You should ask yourself why you want to adopt agile methods. They aren't right for every project. Agile methods are good for helping a team plan, predict, and pace development toward a goal. If your work is generally investigative, with highly variable scope (as you learn about what you are doing) then you need to accept that there will be a lot of variance in your planning. One benefit of working in iterations is that it keeps you on pace, with regular times when you evaluate what you've done, and what you will do next. It gives you focus. But it can't make an intrinsically unpredictable project predictable. What are you looking for from agile? What aspects do you see providing you value?

You mentioned TDD. That's a development practice. I don't consider it part of agile, although TDD is very popular among people that practice agile development. TDD isn't a panacea either, but I could see where, in your case, it would have great value.

Krithika Seetharaman

Posts: 3
Nickname: kayes
Registered: Jul, 2012

Re: Traps & Pitfalls of Agile Software Development - A Non-Contrarian View Posted: Jul 20, 2012 10:57 AM
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Thanks, Sean.
Yes, I/we do understand that not every problem can be treated the same way. However I was looking for tips from agile experts to see how ‘research type work’ is managed through agile process, if anyone is doing that.

Based on my minimum exposure with Agile so far, Agile gives: Better visibility, easier communication among team members and better sense of time which are all valuable

About TDD: Yes, TDD is not part of the agile question, please ignore that for now. Thanks, Sean, for bringing it to my attention.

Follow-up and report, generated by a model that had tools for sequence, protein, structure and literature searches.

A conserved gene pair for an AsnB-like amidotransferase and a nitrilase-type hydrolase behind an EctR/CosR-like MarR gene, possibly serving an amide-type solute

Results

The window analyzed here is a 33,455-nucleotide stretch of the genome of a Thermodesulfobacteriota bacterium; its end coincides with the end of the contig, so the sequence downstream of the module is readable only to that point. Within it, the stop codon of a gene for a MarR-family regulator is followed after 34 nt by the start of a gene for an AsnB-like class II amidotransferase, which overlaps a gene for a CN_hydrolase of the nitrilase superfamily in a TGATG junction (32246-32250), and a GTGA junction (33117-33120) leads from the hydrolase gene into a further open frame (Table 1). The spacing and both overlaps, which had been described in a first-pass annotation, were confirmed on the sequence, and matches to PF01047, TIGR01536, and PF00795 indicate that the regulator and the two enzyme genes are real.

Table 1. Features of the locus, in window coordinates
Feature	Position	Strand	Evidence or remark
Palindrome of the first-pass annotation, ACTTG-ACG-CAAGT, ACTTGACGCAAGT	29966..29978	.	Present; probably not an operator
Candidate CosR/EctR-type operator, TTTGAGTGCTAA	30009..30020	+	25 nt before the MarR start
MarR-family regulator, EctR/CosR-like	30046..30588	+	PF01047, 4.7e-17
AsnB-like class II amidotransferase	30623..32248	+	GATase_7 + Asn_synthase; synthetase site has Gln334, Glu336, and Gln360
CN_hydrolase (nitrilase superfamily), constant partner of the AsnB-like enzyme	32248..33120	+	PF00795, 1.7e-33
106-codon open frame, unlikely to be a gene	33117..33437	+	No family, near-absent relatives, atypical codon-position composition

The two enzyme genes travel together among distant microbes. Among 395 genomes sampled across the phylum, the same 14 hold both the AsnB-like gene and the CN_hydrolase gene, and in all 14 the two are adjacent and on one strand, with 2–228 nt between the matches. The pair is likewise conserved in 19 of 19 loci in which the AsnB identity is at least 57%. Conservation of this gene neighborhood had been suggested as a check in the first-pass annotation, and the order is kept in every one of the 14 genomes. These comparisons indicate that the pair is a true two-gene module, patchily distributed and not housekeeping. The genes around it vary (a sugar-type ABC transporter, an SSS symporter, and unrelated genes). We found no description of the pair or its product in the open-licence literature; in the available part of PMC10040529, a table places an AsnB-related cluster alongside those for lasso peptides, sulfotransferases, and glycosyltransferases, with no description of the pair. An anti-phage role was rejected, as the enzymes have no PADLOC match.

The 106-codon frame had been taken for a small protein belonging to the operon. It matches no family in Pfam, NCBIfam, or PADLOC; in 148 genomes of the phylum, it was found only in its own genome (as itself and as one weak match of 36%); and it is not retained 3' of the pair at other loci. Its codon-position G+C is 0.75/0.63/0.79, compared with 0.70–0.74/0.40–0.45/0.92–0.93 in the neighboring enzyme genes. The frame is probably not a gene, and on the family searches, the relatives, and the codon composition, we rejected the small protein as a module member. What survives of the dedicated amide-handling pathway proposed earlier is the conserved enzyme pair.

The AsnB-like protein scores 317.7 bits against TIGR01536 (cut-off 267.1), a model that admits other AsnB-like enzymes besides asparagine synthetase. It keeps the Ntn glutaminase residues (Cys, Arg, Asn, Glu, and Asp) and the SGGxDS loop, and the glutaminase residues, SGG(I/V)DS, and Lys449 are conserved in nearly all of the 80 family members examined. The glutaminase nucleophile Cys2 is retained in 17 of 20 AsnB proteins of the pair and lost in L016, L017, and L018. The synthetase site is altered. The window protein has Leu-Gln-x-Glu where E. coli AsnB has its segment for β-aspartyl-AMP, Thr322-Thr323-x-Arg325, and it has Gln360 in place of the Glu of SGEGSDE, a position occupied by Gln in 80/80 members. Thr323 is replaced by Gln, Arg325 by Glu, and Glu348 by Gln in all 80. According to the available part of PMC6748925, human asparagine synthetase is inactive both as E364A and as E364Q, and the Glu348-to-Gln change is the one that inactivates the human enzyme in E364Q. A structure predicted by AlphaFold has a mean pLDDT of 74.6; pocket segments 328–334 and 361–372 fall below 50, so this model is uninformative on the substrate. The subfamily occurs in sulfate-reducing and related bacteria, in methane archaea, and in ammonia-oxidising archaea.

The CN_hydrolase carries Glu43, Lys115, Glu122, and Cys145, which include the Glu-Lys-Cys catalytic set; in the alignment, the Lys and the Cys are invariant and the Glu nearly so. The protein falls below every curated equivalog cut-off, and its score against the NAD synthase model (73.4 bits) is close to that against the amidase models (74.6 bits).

Sean Landis

Posts: 129
Nickname: seanl
Registered: Mar, 2002

Re: Traps & Pitfalls of Agile Software Development - A Non-Contrarian View Posted: Jul 20, 2012 12:13 PM
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Hi Krithika,
it sounds like you are focusing on the right things. If I were you, I'd take a methodology, Scrum is a good one to start with because of it's simplicity, and just try to do it. Don't bite off too much at once.

A major key to success in agile development is understanding the value proposition of each practice. If you do, then you can use it effectively, modify it to your needs, or jettison it if it provides no value. You want to avoid doing something for 'agile's sake'. Do something because it adds value for your company.

As a researcher, you should enjoy this: Try new things and run them like experiments, followed by reflection.

BTW, I worked in a research organization for several years. I'd be glad to share my thoughts any time.

Good luck!

Sean Landis

Posts: 129
Nickname: seanl
Registered: Mar, 2002

Re: Traps & Pitfalls of Agile Software Development - A Non-Contrarian View Posted: Jul 20, 2012 12:17 PM
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Krithika,
A resource I found extremely valuable in learning Agile, was Alistair Cockburn's Agile Software Development (http://www.amazon.com/Agile-Software-Development-Cooperative-Game/dp/0321482751/ref=sr_1_3?s=books&ie=UTF8&qid=1342800919&sr=1-3&keywords=alistair+cockburn).

It's very people-centric. Since one of the values you seek is communication, I think you would find this book helpful.
Regards,
Sean

Krithika Seetharaman

Posts: 3
Nickname: kayes
Registered: Jul, 2012

Re: Traps & Pitfalls of Agile Software Development - A Non-Contrarian View Posted: Jul 20, 2012 3:59 PM
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Thanks,Sean. Your pointers are very useful. Trying out things to see what works best makes a lot of sense.

I will check out the book as well.

I really appreciate your help. Thanks.